AN INTERVIEW WITH JIM HIGGINS, MELTDOWN UNIVERSITY'S PROGRAM DIRECTOR
UW: How did you get involved in teaching at Meltdown?
Jim Higgins: So I came in here in 2008. And there wasn’t as much going on as there is now, but there was a lot of stuff still. They had galleries, signings, comedy, and Gaston was like, “We’ve been talking about doing [comic book classes] for a year and a half.” So we collaborated. And now, I run the program, but this is the house that we live in. We do everything, and run the whole thing in a lot of ways, together. If I wanna make changes, I talk to Gaston and I get input from him. He’s always looking to have us do more classes. He’s like (in Gaston accent), “Dude, do more workshops. Just do more, dude.”
UW: What’s happening with Meltdown U as of right now?
JH: The classes we’re doing right now are all comics-related, comic book writing and drawing. I teach the flagship class which is where all the students come in as a writer or a writer/artist. The writers will write a complete comic book script for a short story by the end of the class. The artists will do a complete eight to ten page story, written, drawn, lettered, and ready to go and they make a mini-comic out of it.
UW: Is there any screening process to get into the class?
JH: No it’s really for anyone. I often get people who say, “My art is okay, but it’s not really super slick. How good do I have to be to be in the class?” I don’t care how good you are. I will teach you to refine or find your style and to make it work. Take a look at this comic (Shows me What Would Catwoman Do?) This guy is not going to be drawing for Marvel next year, but this comic is well-told and it’s interesting. Its use of blacks is really great, the way he uses it as a design element. And it’s hilarious. I spent many, many years reading all kinds of comics--a lot of indie comics. And there’s a lot of indie comics I’ve read that I say, “You know what, that artist was not great, but I love that comic.”
UW: What sort of skills will students learn in your comics writing class?
JH: So the students in my class will learn story structure, storytelling. They learn how to tell a story with pictures. Comic book storytelling is different than film because, in film, one image comes after another. [In comics], they’re next to each other. It’s sequential art; it’s designing one after the other after the other.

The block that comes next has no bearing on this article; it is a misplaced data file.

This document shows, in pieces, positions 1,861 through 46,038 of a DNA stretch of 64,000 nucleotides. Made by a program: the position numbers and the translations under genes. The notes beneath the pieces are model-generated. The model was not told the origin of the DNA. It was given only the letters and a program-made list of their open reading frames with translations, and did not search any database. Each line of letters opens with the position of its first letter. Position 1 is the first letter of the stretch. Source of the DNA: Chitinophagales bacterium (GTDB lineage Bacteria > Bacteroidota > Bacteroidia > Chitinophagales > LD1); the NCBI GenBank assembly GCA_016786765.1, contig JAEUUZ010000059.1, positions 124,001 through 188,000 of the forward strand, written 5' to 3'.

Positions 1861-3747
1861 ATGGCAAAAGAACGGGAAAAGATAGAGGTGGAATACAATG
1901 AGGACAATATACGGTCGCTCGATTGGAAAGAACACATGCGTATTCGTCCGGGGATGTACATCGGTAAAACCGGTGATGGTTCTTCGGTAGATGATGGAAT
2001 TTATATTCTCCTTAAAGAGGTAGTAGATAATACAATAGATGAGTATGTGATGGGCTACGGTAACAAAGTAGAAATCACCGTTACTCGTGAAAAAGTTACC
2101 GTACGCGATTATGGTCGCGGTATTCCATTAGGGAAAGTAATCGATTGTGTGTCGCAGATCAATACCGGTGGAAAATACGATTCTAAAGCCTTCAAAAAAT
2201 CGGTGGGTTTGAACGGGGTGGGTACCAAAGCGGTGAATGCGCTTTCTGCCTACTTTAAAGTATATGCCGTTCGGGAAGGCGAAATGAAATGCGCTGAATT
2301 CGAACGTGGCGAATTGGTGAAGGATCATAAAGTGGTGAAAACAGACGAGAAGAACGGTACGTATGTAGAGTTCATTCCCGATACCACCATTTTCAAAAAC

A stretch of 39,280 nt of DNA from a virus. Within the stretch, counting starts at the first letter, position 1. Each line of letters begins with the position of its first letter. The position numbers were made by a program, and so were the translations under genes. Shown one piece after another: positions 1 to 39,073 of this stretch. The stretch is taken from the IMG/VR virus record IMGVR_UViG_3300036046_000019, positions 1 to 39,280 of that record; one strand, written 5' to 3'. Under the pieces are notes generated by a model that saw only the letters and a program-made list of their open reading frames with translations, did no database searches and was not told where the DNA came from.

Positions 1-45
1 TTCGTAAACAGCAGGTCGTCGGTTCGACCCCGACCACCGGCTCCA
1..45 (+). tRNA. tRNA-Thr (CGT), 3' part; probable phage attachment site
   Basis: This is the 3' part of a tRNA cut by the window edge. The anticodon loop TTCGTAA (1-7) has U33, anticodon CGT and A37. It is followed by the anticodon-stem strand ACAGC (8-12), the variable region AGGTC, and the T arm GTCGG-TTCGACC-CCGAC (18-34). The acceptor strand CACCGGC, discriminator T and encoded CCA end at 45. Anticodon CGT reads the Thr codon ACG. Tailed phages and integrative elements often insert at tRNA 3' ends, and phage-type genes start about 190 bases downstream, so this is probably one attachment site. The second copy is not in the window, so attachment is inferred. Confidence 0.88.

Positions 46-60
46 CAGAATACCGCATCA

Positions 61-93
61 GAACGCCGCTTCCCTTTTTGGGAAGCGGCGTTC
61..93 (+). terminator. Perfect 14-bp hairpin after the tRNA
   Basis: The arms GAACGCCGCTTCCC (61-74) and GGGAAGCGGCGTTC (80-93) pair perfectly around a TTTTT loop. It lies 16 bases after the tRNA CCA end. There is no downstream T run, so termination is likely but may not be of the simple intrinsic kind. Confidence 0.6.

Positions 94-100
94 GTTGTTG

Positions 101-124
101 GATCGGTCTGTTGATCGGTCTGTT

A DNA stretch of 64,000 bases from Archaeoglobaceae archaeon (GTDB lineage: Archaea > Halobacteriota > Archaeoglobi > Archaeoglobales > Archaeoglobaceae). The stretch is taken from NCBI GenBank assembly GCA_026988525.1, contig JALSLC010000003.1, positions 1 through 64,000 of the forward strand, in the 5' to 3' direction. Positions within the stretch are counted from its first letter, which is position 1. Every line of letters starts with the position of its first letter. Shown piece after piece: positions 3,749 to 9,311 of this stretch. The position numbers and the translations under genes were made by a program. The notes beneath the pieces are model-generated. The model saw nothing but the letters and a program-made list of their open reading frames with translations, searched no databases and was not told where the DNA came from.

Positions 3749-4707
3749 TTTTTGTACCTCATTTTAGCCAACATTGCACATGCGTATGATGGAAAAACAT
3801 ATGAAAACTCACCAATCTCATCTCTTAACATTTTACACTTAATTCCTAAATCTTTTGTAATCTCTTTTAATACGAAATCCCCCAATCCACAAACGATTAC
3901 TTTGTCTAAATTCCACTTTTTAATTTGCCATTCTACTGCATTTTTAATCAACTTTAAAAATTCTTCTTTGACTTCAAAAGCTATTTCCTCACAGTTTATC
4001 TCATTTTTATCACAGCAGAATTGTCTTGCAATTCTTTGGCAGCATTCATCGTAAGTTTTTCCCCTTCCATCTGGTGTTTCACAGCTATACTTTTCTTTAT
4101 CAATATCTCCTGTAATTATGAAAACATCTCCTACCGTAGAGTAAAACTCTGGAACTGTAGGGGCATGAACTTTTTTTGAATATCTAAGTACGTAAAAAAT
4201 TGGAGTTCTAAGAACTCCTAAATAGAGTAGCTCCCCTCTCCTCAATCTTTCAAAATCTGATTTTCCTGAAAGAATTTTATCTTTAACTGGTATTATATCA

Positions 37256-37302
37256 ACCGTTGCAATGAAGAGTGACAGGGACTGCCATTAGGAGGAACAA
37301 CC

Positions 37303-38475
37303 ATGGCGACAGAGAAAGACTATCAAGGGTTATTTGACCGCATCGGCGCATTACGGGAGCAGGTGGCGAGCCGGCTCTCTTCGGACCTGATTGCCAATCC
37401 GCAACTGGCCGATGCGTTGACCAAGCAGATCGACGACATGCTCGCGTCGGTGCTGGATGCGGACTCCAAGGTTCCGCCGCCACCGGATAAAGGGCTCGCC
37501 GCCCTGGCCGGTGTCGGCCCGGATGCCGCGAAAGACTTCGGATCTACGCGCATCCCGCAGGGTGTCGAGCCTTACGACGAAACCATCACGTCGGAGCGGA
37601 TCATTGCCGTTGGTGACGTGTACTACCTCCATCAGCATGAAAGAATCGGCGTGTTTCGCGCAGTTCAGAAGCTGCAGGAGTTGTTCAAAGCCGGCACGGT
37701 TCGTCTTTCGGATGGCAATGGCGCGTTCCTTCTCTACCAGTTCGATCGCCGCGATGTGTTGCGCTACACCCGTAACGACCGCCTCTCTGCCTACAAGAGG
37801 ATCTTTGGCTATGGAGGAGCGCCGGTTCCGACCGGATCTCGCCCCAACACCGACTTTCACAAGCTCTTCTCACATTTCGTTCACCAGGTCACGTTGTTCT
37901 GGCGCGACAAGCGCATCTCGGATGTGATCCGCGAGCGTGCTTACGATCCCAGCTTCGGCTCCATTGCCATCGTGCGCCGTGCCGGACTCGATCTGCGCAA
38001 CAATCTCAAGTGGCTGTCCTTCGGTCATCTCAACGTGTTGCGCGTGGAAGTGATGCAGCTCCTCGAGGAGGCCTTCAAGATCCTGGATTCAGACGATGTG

UW: What other courses do you offer?
JH: We have an inking and coloring class where they learn ink drawing. They’ll learn how to do it on paper, how to do it digitally, and then, in that same class, they’ll learn to do coloring on the computer in photoshop. We have a life drawing class, but it’s a cosplay life drawing class. Someone was dressed like Gambit last week; another was in a Victorian gown. So it’s fabulous and fun. You can draw naked people anywhere in town but drawing people in regular clothes is hard to find, let alone costumes. We also have a web comics workshop that’s every two or three months. We do a one-day workshop on doing a web comic: how you do it, how you make money, how you get the word out. We have a kid’s comics class, which is a comics class for kids between the ages of seven and 12.
UW: What is payment like for these classes?
JH: They’re $25 per class, pay as you go. We do get people who drop out. Obviously, if you pay for the whole thing upfront you’re more likely to commit and stay. But we also get people who drop the class and come back. I definitely see that often. We also get people who try out the class. We also lose a lot of people to the American work week, which has gone from 40 hours a week to 60. They realize that they just can’t get out of work frequently enough.
UW: What upcoming workshops are you excited for?
JH: There’s a weekend workshop on March 23rd for animation. It’s so cheap, like we’re not gonna keep charging $10. But yeah, we’re crazy. It’s five hours and it includes an interview with an animator, Kyle Carozza. He’s worked on Fanboy and Chum Chum and a bunch of other shows. And he’s at the point where people are asking him to pitch shows. He’s gonna talk about how to get into the animation business, what some of the work is, what you do. Then, everyone in the audience will break up into small groups and they will talk about what their focus would be. It should be a fun workshop.